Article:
I accidentally double booked tours today! If you are here for the Thoughts Without Cigarettes post, check back later this afternoon. I want to spread out the posts to give them both the attention they deserve.
I love memoirs. I believe that every person has a story to tell, the only question is if you can tell it well. I don’t hold much to the idea that a memoir should only be for someone who has had a truly remarkable life. Honestly, I believe any life is interesting. I know that there are plenty of people out there who disagree with this, but I have an insatiable curiosity for other perspectives and other people’s lives.
Breaking Up With God is the kind of religious memoir that I was hoping The View From the Back Pew would be. Originally very faithful, to the point of attending seminary school, Sentilles eventually cannot square the God she grew up with, a decidedly man-in-the-sky who punishes and rewards image, with the feminist perspective she has gained in seminary school.
Sentilles covers a lot of ground here, laying her entire life out on the table for us to see. It almost reads like a confession sometimes, with Sentilles revealing that she had anorexia and an abusive relationship before she left college. Later she goes on to talk about becoming a feminist and also a vegetarian, a supporter of gay marriage and a social activist.
I think Sentilles’s story is interesting and worth hearing. Her journey from a religious scholar to completely unsure in her beliefs is something that I relate to. So the question remains: how well is Sentilles’s story told? As I said, it’s confessional in nature, almost like an internal monologue, which ultimately makes sense. She is sharing an incredibly personal journey with us, but one that she had made a career of making public. In a way, Sentilles is accomplishing exactly what she went to seminary school to do, to minister, though admittedly a significantly different type of preaching than she imagined.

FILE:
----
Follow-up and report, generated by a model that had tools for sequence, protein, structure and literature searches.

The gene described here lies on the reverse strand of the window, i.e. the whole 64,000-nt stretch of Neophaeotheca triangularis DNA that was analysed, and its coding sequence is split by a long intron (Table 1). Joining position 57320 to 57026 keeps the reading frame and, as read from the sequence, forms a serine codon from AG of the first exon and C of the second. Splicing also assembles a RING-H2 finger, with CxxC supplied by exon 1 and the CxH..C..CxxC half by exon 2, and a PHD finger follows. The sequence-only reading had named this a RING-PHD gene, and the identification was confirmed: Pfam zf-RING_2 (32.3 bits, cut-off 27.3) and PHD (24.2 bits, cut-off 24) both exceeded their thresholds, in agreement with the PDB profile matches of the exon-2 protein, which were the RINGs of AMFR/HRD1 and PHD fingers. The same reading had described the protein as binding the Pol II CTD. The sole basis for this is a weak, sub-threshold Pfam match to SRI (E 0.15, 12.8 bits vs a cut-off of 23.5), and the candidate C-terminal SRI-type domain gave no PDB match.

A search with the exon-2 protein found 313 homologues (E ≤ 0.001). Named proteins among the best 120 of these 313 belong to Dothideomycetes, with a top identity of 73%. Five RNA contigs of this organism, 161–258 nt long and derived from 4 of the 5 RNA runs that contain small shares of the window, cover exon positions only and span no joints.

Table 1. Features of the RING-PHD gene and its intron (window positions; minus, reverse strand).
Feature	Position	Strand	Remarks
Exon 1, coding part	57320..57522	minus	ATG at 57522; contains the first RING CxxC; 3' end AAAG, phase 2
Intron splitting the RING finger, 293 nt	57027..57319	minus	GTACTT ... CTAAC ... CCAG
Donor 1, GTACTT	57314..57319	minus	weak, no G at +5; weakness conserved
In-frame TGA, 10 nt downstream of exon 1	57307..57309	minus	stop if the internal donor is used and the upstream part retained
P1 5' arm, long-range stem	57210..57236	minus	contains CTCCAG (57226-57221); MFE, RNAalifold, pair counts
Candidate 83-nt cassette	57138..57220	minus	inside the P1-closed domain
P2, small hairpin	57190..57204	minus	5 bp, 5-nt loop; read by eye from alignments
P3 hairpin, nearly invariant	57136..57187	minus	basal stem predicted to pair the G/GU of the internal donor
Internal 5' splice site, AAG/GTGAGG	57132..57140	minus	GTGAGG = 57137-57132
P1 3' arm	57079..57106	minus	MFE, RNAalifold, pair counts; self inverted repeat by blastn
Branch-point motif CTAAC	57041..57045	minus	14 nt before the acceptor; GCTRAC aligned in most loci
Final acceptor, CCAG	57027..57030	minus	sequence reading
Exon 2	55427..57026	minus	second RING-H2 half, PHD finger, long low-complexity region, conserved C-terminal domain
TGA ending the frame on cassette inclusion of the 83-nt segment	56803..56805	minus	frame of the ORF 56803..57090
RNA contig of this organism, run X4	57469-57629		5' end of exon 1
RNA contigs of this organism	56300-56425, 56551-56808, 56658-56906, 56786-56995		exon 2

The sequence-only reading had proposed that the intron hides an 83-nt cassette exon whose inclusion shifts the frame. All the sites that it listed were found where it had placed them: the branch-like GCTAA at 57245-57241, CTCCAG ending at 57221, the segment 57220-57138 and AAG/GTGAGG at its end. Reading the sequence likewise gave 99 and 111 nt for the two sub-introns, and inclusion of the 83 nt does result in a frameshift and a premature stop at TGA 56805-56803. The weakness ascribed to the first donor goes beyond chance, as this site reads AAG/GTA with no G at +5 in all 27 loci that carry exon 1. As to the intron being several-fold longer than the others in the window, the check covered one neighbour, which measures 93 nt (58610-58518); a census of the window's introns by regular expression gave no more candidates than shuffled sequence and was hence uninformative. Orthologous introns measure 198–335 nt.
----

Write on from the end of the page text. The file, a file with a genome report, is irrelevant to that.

At times I thought the narration to be a little disorganized, and if I’m honest, sometimes melodramatic. But at the same time, much of this story takes place when Sentilles is a teenager and young adult. She reflects that age very well, where every decision you make seems like the most difficult and you’re never sure of yourself, even if it is frustrating to read sometimes.
Overall, I enjoyed this memoir. I learned about theology and at the same time got to see the transition and journey that Sentilles makes. I think that’s a successful memoir, even if the writing is not perfect and at times it drifts into melodrama.
So go read this!: now | tomorrow | next week | next month | next year | when you’ve read everything else
Thanks to TLC Book Tours for sending me this book to read and review! For more information about the tour, please go to this link.